The Algona Upper Des Moines from Algona, Iowa on October 13, 1936 · Page 1
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The Algona Upper Des Moines from Algona, Iowa · Page 1

Algona, Iowa
Issue Date:
Tuesday, October 13, 1936
Page 1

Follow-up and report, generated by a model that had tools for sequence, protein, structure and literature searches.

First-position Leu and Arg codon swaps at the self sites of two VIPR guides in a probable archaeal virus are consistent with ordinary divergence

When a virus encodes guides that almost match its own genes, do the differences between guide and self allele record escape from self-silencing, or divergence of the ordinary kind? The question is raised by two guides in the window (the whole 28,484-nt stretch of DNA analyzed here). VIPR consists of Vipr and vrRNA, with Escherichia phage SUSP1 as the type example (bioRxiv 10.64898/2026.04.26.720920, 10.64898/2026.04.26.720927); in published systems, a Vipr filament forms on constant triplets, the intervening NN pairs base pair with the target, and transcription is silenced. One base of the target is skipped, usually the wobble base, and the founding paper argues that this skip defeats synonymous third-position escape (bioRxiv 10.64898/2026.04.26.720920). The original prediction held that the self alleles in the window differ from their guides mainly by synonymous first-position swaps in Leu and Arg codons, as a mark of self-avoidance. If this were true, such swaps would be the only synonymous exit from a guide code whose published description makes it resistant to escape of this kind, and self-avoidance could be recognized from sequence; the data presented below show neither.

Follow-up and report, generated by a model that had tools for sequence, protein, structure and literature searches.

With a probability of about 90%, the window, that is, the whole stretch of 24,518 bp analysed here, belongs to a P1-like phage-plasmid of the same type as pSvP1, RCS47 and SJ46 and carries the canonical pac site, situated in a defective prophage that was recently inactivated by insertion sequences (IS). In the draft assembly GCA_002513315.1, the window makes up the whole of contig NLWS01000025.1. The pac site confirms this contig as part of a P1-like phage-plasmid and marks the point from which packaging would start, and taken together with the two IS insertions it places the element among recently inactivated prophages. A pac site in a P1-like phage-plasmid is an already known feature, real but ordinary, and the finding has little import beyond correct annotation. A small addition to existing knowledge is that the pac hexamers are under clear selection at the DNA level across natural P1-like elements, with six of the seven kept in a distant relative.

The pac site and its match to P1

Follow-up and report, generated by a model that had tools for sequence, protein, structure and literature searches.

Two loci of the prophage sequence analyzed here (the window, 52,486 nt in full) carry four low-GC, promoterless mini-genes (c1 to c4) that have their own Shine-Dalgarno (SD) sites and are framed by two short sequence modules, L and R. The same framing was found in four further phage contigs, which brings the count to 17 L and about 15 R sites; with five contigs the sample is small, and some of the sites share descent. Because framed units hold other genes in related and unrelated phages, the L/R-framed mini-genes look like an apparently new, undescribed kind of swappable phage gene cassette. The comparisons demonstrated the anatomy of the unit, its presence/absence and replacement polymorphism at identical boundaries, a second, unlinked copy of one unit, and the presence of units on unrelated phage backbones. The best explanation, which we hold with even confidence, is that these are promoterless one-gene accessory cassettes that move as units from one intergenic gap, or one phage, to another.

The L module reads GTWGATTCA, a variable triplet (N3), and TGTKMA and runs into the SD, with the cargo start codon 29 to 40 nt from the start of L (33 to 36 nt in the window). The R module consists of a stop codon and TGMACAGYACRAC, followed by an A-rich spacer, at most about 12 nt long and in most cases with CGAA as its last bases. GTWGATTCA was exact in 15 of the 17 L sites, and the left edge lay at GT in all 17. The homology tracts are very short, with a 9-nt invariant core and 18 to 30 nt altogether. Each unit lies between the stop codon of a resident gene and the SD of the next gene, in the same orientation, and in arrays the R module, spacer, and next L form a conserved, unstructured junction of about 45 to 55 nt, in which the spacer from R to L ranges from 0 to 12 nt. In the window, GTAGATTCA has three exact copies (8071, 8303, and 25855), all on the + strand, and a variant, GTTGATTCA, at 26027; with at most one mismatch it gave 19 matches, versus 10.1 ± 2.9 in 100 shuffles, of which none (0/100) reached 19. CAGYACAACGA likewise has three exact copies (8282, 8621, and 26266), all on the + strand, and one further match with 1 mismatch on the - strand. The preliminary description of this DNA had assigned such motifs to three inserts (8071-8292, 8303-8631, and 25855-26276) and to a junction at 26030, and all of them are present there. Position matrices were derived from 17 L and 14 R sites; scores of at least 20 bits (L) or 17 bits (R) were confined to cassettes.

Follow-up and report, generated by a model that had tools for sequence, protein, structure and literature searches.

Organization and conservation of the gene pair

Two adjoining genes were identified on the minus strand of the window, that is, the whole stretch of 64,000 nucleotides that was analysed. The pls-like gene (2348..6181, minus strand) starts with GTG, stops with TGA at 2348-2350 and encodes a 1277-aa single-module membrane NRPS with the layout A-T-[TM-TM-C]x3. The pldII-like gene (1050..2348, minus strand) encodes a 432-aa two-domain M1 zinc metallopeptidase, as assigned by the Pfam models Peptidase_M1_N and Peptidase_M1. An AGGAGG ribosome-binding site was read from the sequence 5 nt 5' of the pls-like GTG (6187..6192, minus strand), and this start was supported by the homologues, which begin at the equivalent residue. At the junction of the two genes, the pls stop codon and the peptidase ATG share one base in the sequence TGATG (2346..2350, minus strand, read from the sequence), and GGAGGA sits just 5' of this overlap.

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OFFICIAL AND COUNT* PAPER Established 1865 , Upper HISTORICAL DEKT, "~J ALGONA, IOWA. TUESDAY. OCTOBER 13/1936 TWO ESCAPE IN KOSSUTH JAIL BREAK HERE Phil Kohlhaas, Earl Kinsey Fill County Demo Vacancies Next Three „ Weeks To find All Candidates "On The Go" DENY 'DEAL' IN SHERIFF CONTEST Philip Kohlhaas, Algona, was •elected at a special democratic commltteemen's meeting, Saturday la the Kossuth court house, to be that party's candidate for state reptysiitative.,, He replaces .George MoulUn, who recently passed away on UW party's ticket The vote was Kohlhaas 33, Guy Butts 1^ Mr. Kohlhaas was born and raised in Kossuth county, and has lived here all of his life. He has been and still is Interested in farming He left the farm to go Into business when he was 26 years old He lives in Algona, is married, and has six children. And Earl Kinsey, Bancroft, was selected to replace Clarence Jan- vrln as the party's candidate for county auditor at the same session. The vote was Kinsey 36, Charles OstwinJde 14. Janvrln, who filed for the office when the corn-hog control program looked as though it was go- tag to sink under the Supreme Court's AAA ruling, will remain with the Kossuth setup under the conservation setup now operating, and resigned hut week from the ticket Begin Active Campaigns Candidates of all parties are beginning their campaigns in earn- Kohlhi laas, former garage man, and now in the real estate business I* already out working, and K£n- •sqr, who was delated by Mrs. E. J. laujtivoy tor the democratic nomination for clerk of court, is net MLfiunlljar wiBb. campa ...... haw been afloat that »ort of a deal between Carl bawpauSer, now running as an Independent, and Gilbert Hargreaves, the republican nominee, has been made. Both men have vigorously denied any arrangement, and declare they will stage real campaigns. Casey Loss, democratic nominee, has already been hard at work for some weeks. Hargreaves Is conducting his fourth campaign for office, and repeating the whirlwind campaign actfon that carried him close to success two years ago. Bepnbliean Schedule Robert Harrington, county GOP chairman, said a republican sound truck would be here Wednesday, and make a tour of the county. He anticipates speakers In Algona next week, and a meeting at Wesley has been called for next Monday. Democratic headquarters announced a program of action exceeding anything thus far in the campaign. Leo Saunders, Bancroft, replaces James Geelan of Wbittemore as treasurer of the county democratic setup. Geelan resigned due to the press of other business. Gillette Coming Saturday, a Roosevelt caravan Is scheduled to arrive in Kousuth county, visiting Whittemore at 9 a. m.,, Fenton at 10 a. m., Swea City at 1:43 p. ra. and Lakota at 2:45 p. m. A monster county rally, with Guy M. Gillette, candidate for the U. 8. aenate, as the chief speaker, is scheduled in the high school auditorium here for October 23rd. This week, a democratic rally will be held at the Bancroft Legion boll, at 8 p. m., with El W. UcManus of Keokuk as speaker. On October 30th, a meeting will be held at Titonka. 500 Women Expected for District Federation Meet On Wednesday, Thursday Between 400 and 600 women, from 14 counties In the northern Iowa district, will meet in Algona, Wednesday, Oct 14, for a two-day convention of the eighth district of the Iowa Federation of Women's clubs. All sessions will be held in the high school auditorium. The convention opens with registration at 11:80 a. m. Wednesday. The first session begins at 1:15 In the high school audltorhun. Assembly singing will be followed by invocation by Rev. George Vance. The official welcome to Algona will be tendered by O. 8. Relley, secretary of the Chamber of Commerce. Mr*. Woodward, Chairman A Pledge of Allegiance will be led by Miss Ella Thompson, followed by greetings and announcements by Mrs. H. E. Woodward, convention chairman. There will be the usual annual reports of the activities and progress of the different departments, NEW CITY WELL READYSOON TO SUPPLY ALGONA $8,000 Improvement Has Newest Principle of Supplying Water Bast light butch., 160-180 Best light butch., 180-220 Best light butch, 2200-275 lied, heavy, 270-890 Med. heavy, 280-32S If ed. heavy, 826-840 Ibs. Butchers, 350-400 Ibs. Packing sows, 800-600 Packing sows, 350-400 Packing sows, 400-600 T OATHJB Canners and cutUrs Vat steers 7.00 8.20-9.00 9.00-9.60 9.00-9.20 9.00 8.76 8.00 8.00 8.40 8.10 7.80 (2.50-3.00 w<*". JSKS 6.00-«.00 OftAIN Ho, 4 yellow corn, new *-8» Ho, a whit* corn l-«j No. '1 yellow corn No. 2 mixed com No. 3 white corn No. 3 yellow corn No. 3 yellow com No. S white oats, 30 ibs. Barley, No. 3 EGOS Hunnerys No. 1 No. 2 Ciuli cream- No. 1 No. 2 vide toe best water reserve In the city's history, was completed last week, Joe Kelly, supertntndent of tght and water, stated Monday. The well 1s 163 feet deep, known as a shallow well, and drilled hi accordance with the latest methods of well drilling. The present city well is 1880 feet down, which makes t more costly. The new well will :ost about $8,000, including pipe and all incidentals. A 70-Peot Screen Of the 163 feet depth in the new well, which U located on North iall street just north of the city oal shed, the casing goes down K vet, and there is 70 feet of screen n the bottom, with 40 feet of gen- line wrought iron pipe. In drilling the new well, a cen- ral shaft was sunk and then four uxillary shafu were drilled near and around the main stem. When he main well was deep enough, hree and one half carloads of flne- y washed gravel, or 130 tons, was radually put into the main shaft, nd then by pumping on the aux- iary shafts, sucked down into the •ell, providing a wonderful gravel bane. Water Given Approval The new well strikes an entirely new vein of water. Samples of the water have already been given approval by the state department of health. It la necessary to aink a new well every ten years. One third of the pumping cost will be saved in the new well. given by state committee members The business session will be clos ed by a music trio from Emmets burg including Mrs. Earl Beebee Mrs. H. Baker and Mrs. H. Soper The address of the afternoon wil be delivered by Judge Wood o Waterloo, National president of th Isaac Walton League of America. His subject is to be "Conservation and Citizenship." An informal dis cussion will be led by Mrs. Fran cos Whitley, chairman of the Con servatlon Department of I. F. W. C Mrs. Whitley has for many years been doing her pow er to make Iowa Conservation con scious. Those club members who are no planning on attending the banque will attend a movie which will be presented through generosity o Gall Pettlt at the State Theatre. Those not in this group will at tend a banquet at the Masonii Temple. A program will be pres ented by Junior clubs of the Eighth district under the direction of Mrs 0. H. Bttuman of Webster City. After reports by county chair and Year Book Contest, Mrs. E. C McMahon of Algona will sing. The speaker of the morning is to be Mrs. Eugene Cutler of De Molnes, first vice president I. F W. C. Adjournment follows. Luncheon will then be served a the Congregational and Methodis churches. The afternoon session opens with an instrumental trio directed by D. Wayne Collins. Mrs. Eugene Henely of Grinnell General Federation director* on "When W« ! f?«atto ving tb« 'h : Jl vtoUn •oto wUt.ytiensrli fHa ii«is>. t® speaker. The musician. Miss .Nel- «• Aged Hurt Lady Fractures Ribs Burt: Mrs. Anna Toebben suffered two fractured bones in her ankle when aiie fell from a chair last week in her home here. Mrs. Toebben lives alone and had no close neighbors to whom she could get for help. Fortunately, her son, Will of Chicago, came shortly after her accident and saw that she procured aid and medical attention. Mrs. Oiaf Olson, Hlmore, Minn., her daughter, was then called, and is caring for her. .98 V4 . 1.05 L05 .98 .38 V* 1.00 25c 21c 17c 32c 3<V 33o Ught Frosts In County Turn* Trees Light frosts the past week have begun to turn foliage into autumn's beautiful shades. No freezing temperatures have been reported as yet, but motorists are warned to begin th l "V l "g about tfcalr radiators. Week's weather: Date High Low Rain Oct 6 78 63 M Oct. 6 66 48 JK> Oct 7 64 16 frost Oct « 71 41 Oct 9 68 46 Oct. 10 64 43 Oct 11 «6 38 Forecasts for this week were fair with not much change in temperature. COKKKIT10N In thu board proceedings carried in Oils paper this wettt, the mimes of members of Lhe » Lolls Crook township count- tug board should read as follows: Louis Hackbarlh instead Arl Kiu»eh; Otto Ruunkc instead of Henry Mueller. son of EmmeUburg, will be sccom panted by Mrs. Caspar Nelson. The reception will be followed by a special showing of "Anthony Adverse" at the Call Theater. On Thursday Thursday's activities Open with a breakfast for the state officers, the county chairmen, the convention chairmen. This will be a courtesy extended by Mrs. A. D. Wlese, Eighth District chairman. There will be twenty guests and they will be served in The Blue Room of Hotel Algona. The morning session opens with greetings sung by a group of small girls or Future Clubwomen. The prayer—contributed to I. F. W. C. by Mrs. Frances Whitley. Mrs. H. C. Houghton, Jr., will conduct a club institute. This is to be followed by a business session. The business will be happily interrupted by a musical reading by Mrs. O. B. Lalng. The evening session opens In the high school auditorium, at 8:00 p. m. The program consists of a solo by Mrs. Winifred Qillam, Sketches in the Ruth Draper manner by Mrs. Pearl Kulp McDonald of Emmetsburg, a violin solo by Mrs. A. Voss of West Bend, accompanied by Mrs. Sylvia Gunn and piano selections by Miss Jane Cretzmeyer. State Leader Here The president of the Iowa Federation of Women's clubs will be the featured speaker of the evening. She is Mrs. H. C. Houghton, Jr., of Red Oak. Mrs. Houghton is president of the presidents of all the states, a truly great and gracious lady whom we are very proud to present to Algona and the Eighth District After the president's address, and during the reception to club members in the high school gym, a program of music will be presented by Glen Raney, violin; Mrs. E. C. McMahon, cello; Mrs. Sylvia Gunn, accompanist. A "Beauty" Talk The speaker, John R. Fitzsimmons, landscape architect, consultant conservation commission, has his topic, "Development of Beauty in Iowa." This subject is particularly apropos at this time when so many towns are planning on beautifying the local eye sores. Adjournment will follow lost minute business. There will be exhibits presented by the Conservation and Art departments. 400 GREET NEW MILWAUKEE RY. HIAWATHA HERE A REAL BAB ON WHEELS OFFERED Fast Streamline Train In Test Bun Across No. Iowa About 400 adults and children turned out en masse, Friday afternoon at the Milwaukee depot, here to see the finest railroad equipment In the county's history pass through Algona. It was the latest "Hiawatha" of the Milwaukee road, and the train was on its way back from Rapid City, S. D., where It had gone on a trial run before going into active service on the Twin Cities-Chicago run. The train stopped ten minutes, and visitors were allowed to pass through the train as long as it stopped here. Had Six Cars The train was pulled by a regular steam locomotive, two drive wheels on a side, but with a special covering to provide stream-lining. We understand the engine uses oil for fuel. The streamlined "Hiawatha" is constructed entirely for day travel. No provision Is made for sleeping accommodations, except that anyone desiring to take a nap can tilt any of the chair car seats to any one of five angles. The running time between Chicago and the Twin Cities of about six hours is that no sleeper service is necessary. The bar in the train is a new innovation, but one that will never be included on any equipment used in Iowa. .The bar and the engine were the only equipment local people eouk) not visit In other states, however, the beautifully appointed traveling bar run* ill the time, «u- ahling passengers to enjoy * highball or two, if they w desire. ed, and without examining closely, one can hardly tell where one car ends and another begins, the equipment seeming to melt from one car to another without a noticeable break at the vestibule. A North Iowa Hiawatha? To get the Milwaukee to stop .heir train here, on 1U jump be- ween Spencer and Mason City, a flood of telegrams went from Algona to Milwaukee officials, and the rain was finally ordered to stop. The large turnout on short notice very evident proof of the fact hat the public mind would be much more interested In the rail- oads and their problems if given n opportunity to visit the best and lewest in equipment. Some speculations were heard as o whether or not the Milwaukee would put a fast, streamlined rain on its main line across north- rn Iowa, Into Chicago. In south- rn Minnesota, the Chicago & Northwestern line has a train known as the "Minnesota 400" hich connects up with the Northwestern main line in Wisconsin, Here's How They Sawed Out of Jail E Cell Block O B .Bull Pen W N Above is a diagram of the Kossuth county jail, from which two prisoners escaped Sunday morning. The cell block is the space where all of the prisoners except Hart were confined. Hart was In the bull pen. Walsh went to the door (A), knocked off a lock, slid back a window, and sawed through two bars, then crawled Into the space between A and B. Again going to work, he jimmied the control which' opens the door into the bull pen at B. Another set of bars were sawed at C, letting the men squeeze out into the corridor at the outside of the building. Sawing ;twq more bars at D, the men squirmed out into the alley and departed. The line at A represents a solid wall The other lines are all a aeries of bars. James Ditsworth Rites Tuesday in Irvington Church James H. Ditsworth, who suffered a stroke about ten days ago, passed away In Algona, Sunday, Oct. 11, at the age of 81 years. Funeral services were set for Tuesday, Oct 13, at Irvington, with Rev. English in charge. Interment was to be In Irvington. The funeral was set for 2 p. m. Mr. Ditsworth was born May 20 1858, In Davis county. 111. In thi year 1900 he came to Iowa, anc came to Algona at a later date. He farmed and lived a life of peace, a likeable friend of all who ' knew him. He was married July 7, 1875, in Freeport, 111., to Margaret McHhat tin. Mrs. George Wesley of Algona is- a daughter, and sons survlvmi are Edward, John and Harry o Algona, and Frank of. Irvington Adam Dltsworth, a brother, lives a Bancroft, and a sister, Mrs. Evena Has* Is living at Mankato, Minn. DIED MONDAY Was 81 Years Old; Widow, and 9 Children Survive Chris Beck Who Died Was Pioneer of Swea & Grant Armstrong: Chris Beck died on aturday, Oct. 3rd, at the Algona ospital at the age of 48 years. He led following an attack of intest- nol influenza. Mr. Beck has lived n forms in Swea and Grant town- lips for the past number of years. Mr. Beck is survived by his wife and six children, Willliom, Keneth, Elsie, Oran, Alvin and Anna. !e is also survived by his parents, [r. and Mrs. James Beck of Arm- .rong and two sisters, Mrs. R. F. [etz of Ringsted, and Mrs. Andy 3urt, Jr., of Armstrong and six rothers, George, Klner, Shirley, ugust, Harry and William, all of rmstrong. Funeral services were held Tuesday at the Immanuel Lutheran urch in Swea City. Burial was made in the Harrison cemetery. 3 Licenses To Wed Past 4 Days Wedding licenses issued in toe past few days: John K. Misbacb and Edna. H, WUken, Fairmont, Minn., Oct 'JO. Raymond A. Taylor, TiUmka. and Marie Machiem, Fairmont, Oct 10. Raymond El Gardner, Bancroft, and Grace McGregor, Bancroft, Oct ». Rotary Leader Talks A. C. Fuller, Cedar Falls, dis- .rict governor of Rotary Interual- onul. addressed the local club on Honday noon in the Algoua Hotel. tfr. Fuller waj introduced by K. l>. Fames, club president He outlined the purposes and ideals of the club organisation. ,83, In Eagle Twp. Swea City: Mrs. Wm. Mathers, assisted by Mrs. John Huffman, entertained a group of 80 ladies at the Mather's home in Eagle township last Friday afternoon in honor of Grandma Norris, who was 83 years old that day. Mrs. Norris was presented with a gift from, the group and lunch was served by the hostesses Out of town guests were Mrs. EJmer Potter. Mrs. Bell Moore and daughter and Mrs. Frazier, all of Algonu, and old friends and Grandma Norris. Pettit Gets 3rd Theatre; In Clinton I- Pettit. owner of tbe St:tte Theatre. AJgona, and the Vern theutre, i-uVernu, announced Mondriy that he tiad signed a long term lease for the Cliutoo theatre, Clinton, Iowa. The tuuulrc hua about SOU seats, and was originally built for road shows. A sound projection booth ujid other uew equipmuiif will be installed, aud the theatre will open Last Monday forenoon at his house, 321 B. Nebraska street, Ole J. Peterson passed away at the age of 81 years. He had been sick for about three years and his death was due to the general breaking down incidental to old age. Mr. Peterson was born in Veatrlhoten, near Oslo. Norway, November 15, 1855. He came to America to Cowit county, Wisconsin, June 14, 1869, when he was fourteen years old.' He was married February 19, 1880, at Hollandale, Wisconsin to Johanna M. Paulson. Surviving him are his widow, three sons, Alfred of Pipestone, Minnesota, James R. of Minneapolis and Elmer of Dunlap, Iowa; ztx daughters, Mabel and Muriel, Washington, D. C., Edna Herkimer, New York, Eva. Rockford, 111., Mrs. A. E. Clayton, Algona, and Ida at home. One sister, Mrs. H. Haroldson, Stockton, California. There are six grandchildren. The deceased lived all of his married life in Iowa, coming to Kossuth county in 1904, residing in Bancroft for five years where he was plumber for Nemmers Hardware Co. He located in Algona in 1909, where for a number of years he was in the employ of Spurbeck-Lambert Co, He joined the Modern Woodmen of America at Thompson, Iowa, August 12, 1898, served as clerk of the camp at Bancroft several years, and as secretary of the camp at Algona from February 1, 1927, until failing health compelled him to resign in September, 1933. A loyal and faithful member for more than 38 years. Funeral services will be held at the home, Wednesday p. m. at 2:30. $2,250 DAMAGE AWARD GRANTED IN COURT CASE •\ Jury Deliberates Five Hours In Schalk- Smith Case Damages of $2,250 were awarded to Ollle Schalk, Alden, Iowa, in the district court here last Saturday, after four days of trial, In a case in which L. F. Smith, LuVerne trucker, was the defendant. The jury, of which Howard Salisbury was foreman, deliberated five hours and-20 nlliiutes. The plaintiff was seeking damages of $8^50 as the result of an automobile accident that occurred last February 28, near Ames, Iowa. Other court business included the granting of three divorces. A divorce was given Vera McFadden and Milton McFadden, Gusta Patterson and Harold Patterson, and Melzar Falkenhainer and Leona Falkenhainer, all of Al- j jona. | In a criminal case of the state I vs. Arthur Klocke, charged with orgery, the defendant, who entered a plea of guilty, was sentenced o Anamosa reformatory, but par- led to L. A. Wlnkel, his attorney assuming that he remains on good ehavior. Elmer Olson, who had served hree months of his year's jail term, was paroled into the custody of heriff Carl Dahlhauaer. States Cafe Closed Reinhold W. Heise received a ourt judgment for $930 against F. 2 Algona Men Hurt in Crash Near Estherville A head-on collision sent the car of Harold Kuecker, Algona, Into the ditch last Friday west of Estherville, severely Injuring Kuecker nnd Myron Ludwig, who was riding with him. less seriously. Both men are employed In Bjustrom's store in Algona. The accident occurred at the brow of a hill when the Kuecker machine met two cars coming over the hill abreast Kuecker's machine was badly wrecked, and seven stitches were required to close a wound in his head. Ludwig was less seriously injured, but badly bruised and shaken up. The men were given first aid by a passing truck driver and taken to Estherville, then to the Genera hospital in Algona. HART,WAISHGCT AWAY; HACK THRU THREE SETS BARS One Termed 'Brains' No. Iowa Butter Theft Gang Of WALSH IN ON A NARCOTIC CHARGE OBITUARY OF Son Clyde, Burt, and A Daughter at Irvington Survive D. Matties, proprietor of the States afe. The cafe was closed last 'hursduy. An attachment was made on the quipment of the cafe and the uestion of what will be done with IB now unused building is of gen- rul interest locally. It was re port d that three or four business firms re ready to rent it. However. one of them arc in the restaurant usiness. Shovel Starts Work on New Postoffice The jaws of a midget steam shovel began working, Monday morning, and as curious onlookers gathered, they witnessed the first breaking of ground for the new Algona postoffice. The Larson Construction Co., of Fort Dodge, has 300 days in which to complete the job. They hope to have the foundation and framework in before cold weather sets in, although the final finishing touches may not be completed until early next spring or summer. But the building is under way, and that is something that brought many a sigh of relief from local folks, who were hoping that this time nothing delays the much- sought building. Clap&addle Made N. W. Ry. Surgeon Dr. C. J. Clupbuddle'ol Bui t wui recently appointed Northwestern surgeon for Ihe Burt locality. Ik succeeds the lute Dr. VV. T. 1'ou-ri. who held the .office for many years foung Swea City Machinist, Only 29, Passes Away Sweu City: Funeral services for horwald Dahl, 29, were held Friday afternoon at Immanuel Luth- eian church with the Rev. R. C. Swanson in charge assisted by Rev. A. V. Neve of Beresford, S. D. Burial was made in Harrison cemetery beside his father who died in 1933. His health failing the last year, Thorwald's condition grew worse the past two months. A heart ai.- ment resulting from inflammatory rheumatism, was the cause of his death, Wednesday morning. Born in Swea City, he graduated from the Swea City high school in 1925 and after attending Iowa State College at Ames returned to become associated with his late- father, P. C. Dahl, in the blacksmith and machine shop. Since the death of his father he has been managing the business. The deceased was a faithful member of the Lutheran church, a member of the choir, a member of the Swea German baud and a leader in other civic enterprises. He is survived by bis mother, with whom he lived; two brothers, Milton Dahl of Algona, and Martin Dahl of Swea City, and six sisters, Mrs. Hubert Kruse of O'Neill. Nebraska, and Frances, Pearl, Alice, Edith and Ardyce, at home. On Wednesday morning of this past week Mrs. Susan Brlstow passed away following an automobile accident She was born In Cullom, 111., on October 20, 1871, and was nearing her 65th birthday. She leaves behind' her an aged father living in Seattle, Washington, six brothers and five sisters and a family of her own constating of two sons and one daughter, Clyde of Burt, Iowa, Ray of Renn- seluer, Indiana, and Mrs. Estellu tieip of Irvington. This death marks the breaking of a long family tie in that it was the first in her parental family for a period of 32 years. There are very few passing away at this age leaving behind an aged father of some ninety years. Last spring, on Muy 6th, her husband passed away in Washington and since that time she had been visiting with her children. As per her wish she was buried at Hurt, Iowa, near the grave of her little grandchild, a daughter of Clyde. The eleven brothers and .sisters surviving her are Mrs. Win. Whitford of Paulsbo, Washington; Fred Haag of Seattle, Washington: Mrs. Laura Nickerson of Uabob, Washington; Reuben Haag of Vermillion, S. D.; Roy of Algona; Frank of Loveland, Colorado, and Mrs. Prank Potts and Henry Haag of Renseluer, Indiana; Mrs. Rose i'rehouse and Louis Haag of Cullom, Illinois, and Mrs. Phoebe Deverlaux of Kankakee, III. Kossuth Poultry Ass'n Planned Reorganization of the Kossuth bounty Poultry Association has been announced this week. The organization was formed a number of years ago at Bancroft, but >ince has been more or less de- 'unct. C. H. Ostwinkle was one of he earlier leaders. Dates of January 9, 10. U and 12. n 1937, have been set, and a corn will be held in connection, .yle Reynolds is president of the organization. C. H. Ostwinkle is secretary. Peddler Law For City Being Drawn An ordinance regarding peddlers, wilh "teeth" in it, is in the ot formation in the hands of J. L. lionar, city attorney. There W au ordinance regarding peddlers and transient salesmen in i-i'iert at present, but the new ord- will boiater and clurify thu prcfcfiil one. Ill the pa.-it, the existing ord- i.eerns to have been one that maku itself quile clear en- Gladiola Society Plans Organization The Algona Gladiola society will be organized at a meeting in the new Chamber of Commerce offices, at 7:30 p. m., Thursday evening, according to on announcement made by W. W. Gillespie, local enthusiast. J E. Carter, Des Moines, president c>f the Iowa Gladiola so ik't.V. will attend. Local men who have indicated they will be charter members include H. N. Kruse, G. W. Stillman. Ralph Miller. Glen Shore, Alex K:i-lish. P. J Ciirijtc-Uocn, Glen iiiin..-y, Uuy Hi. hurdaon. Gail Pellit, \V. A. Koster, L. V. Pc-rldns, Alv.,11 Ilue.-iiiold, C. K LaRirre, J.'i'ii Kei.-ii-r. VV. G. Mt:Ouiluu;.;b! Oliver i'.t-tlc-y aJid Mr. Gilleapic. " One of the most complicated and daring jail breaks in the history of the state enabled two men to escape from the Kossuth county jail, some time early Sunday morning. The men who escaped were Geo. (Shorty) Hart, L«Mars, Iowa, and Eugene Walsh, Emmetsburg. Hart was arraigned last week in district court, charged with larceny. He was termed a* the "brains" of the gang that had been raiding north Iowa creameries. Walsh was being held on a narcotic charge. Sawed Six Bars Hart was being kept in the bull pen, all alone. Walsh was quartered with four other inmates of Me jail In the regular cell block. Between the cell block and the bull pen there is a solid wall of steel, only entrance being through one door. However, there Is a small window that is In the door, and Walsh, who Began the break, tirat pried a lock trom this sliding window. On the inside of the window are regular bars. Walsh then Sawed through two of the bars, and himself crawled through a space no larger than 7x14 Inches, into the bull pen section, but still not In the bull pen. He then proceeded to jimmy open the master lock Into the bull pen, which let Hart get out into a corridor. Still between the jailed men and an outside window, was another set of bars. The men then filed through twd okore bars Into the outside corridor. Klebs Out Screen ... Again the file* got bus/and .two mM^lma,**:*** aa&i& mrtndow were chewed through.- With a small opening between them and fredom, Hart and Walsh kicked out the screen on the outside window sill and squeezed through—free men, for the time being at least. Sheriff Carl Dahlhauaer found even hack saw blades all 12 Inches long, on the floor inside the jail window. How the hack saws were smug-led in to Walsh remains a mys- cry. Dahlhauscr said Walsh had lot received a visitor in three weeks. He pointed out, however, that the files might have been slipped In through a window between, the bars, by outside parties. Other Prisoners .Muni In the jail at the time of the break were four other inmates. They were John Bahr of Sexton, jail trusty, Joe Minor of Kanawha, Vern Scobba and John Edwards of Algona. tiahr, who turned in a call the next morning for the sheriff, said he heard nothing all night, and did not know that the men had escaped until he got up and went downstairs on the main floor. He then notified the sheriff. The other three men had foiled to disclose any information, Monday morning. They all told the bame story; they were sound asleep and failed to hear their fellow prisoners knocking oft several locks and filing through s°ix steel bars. 'IhruU-ned Hanging Bahr said that Walsh had told him that he would hang himself lather than go to the penitentiary, and when he found Walsh was not in his bed, he expected to find Walsh's body hanging from a belt or towel on the main floor. The men sleep on the second floor of the cell block, but have access to the ground lloor in that half of the jail. Hart's case was scheduled for the first court term in the next session, and authorities believed they had an open and shut case on him Three other members of the butter theft gang are now in the penitentiary. Their cases were handled in other counties. Plain Jail L'luuigett Members of the county board of supervisors inspected the bars of the jail Monday morning, and from cheir conversation it seemed likely that the old burs in the jail would be replaced with a new-type bar within a bar. The inside bar is loose so that it cannot be filed, but turns with the saw when an effort to (lie it is made. Several years ago an inmate of the jail kicked his way to freedom by merely pushing against the bricks of the building until they gave way. In the meantime, county officers and slate men are pushing an in- leiisive man hunt for the escaped pair. Give Scoutmaster at Swea a Gift Swea City: The Swea City Boy SCOULS mel af the school building Monday night of loal week. It was the last meeting wilh ScouUuaster G. H. McDowell aud the scouts pi evented him with a year's »ub- ..wription to the Headers' Digest magazine. Rev. McDowell has been icyuUua^ler the last tour;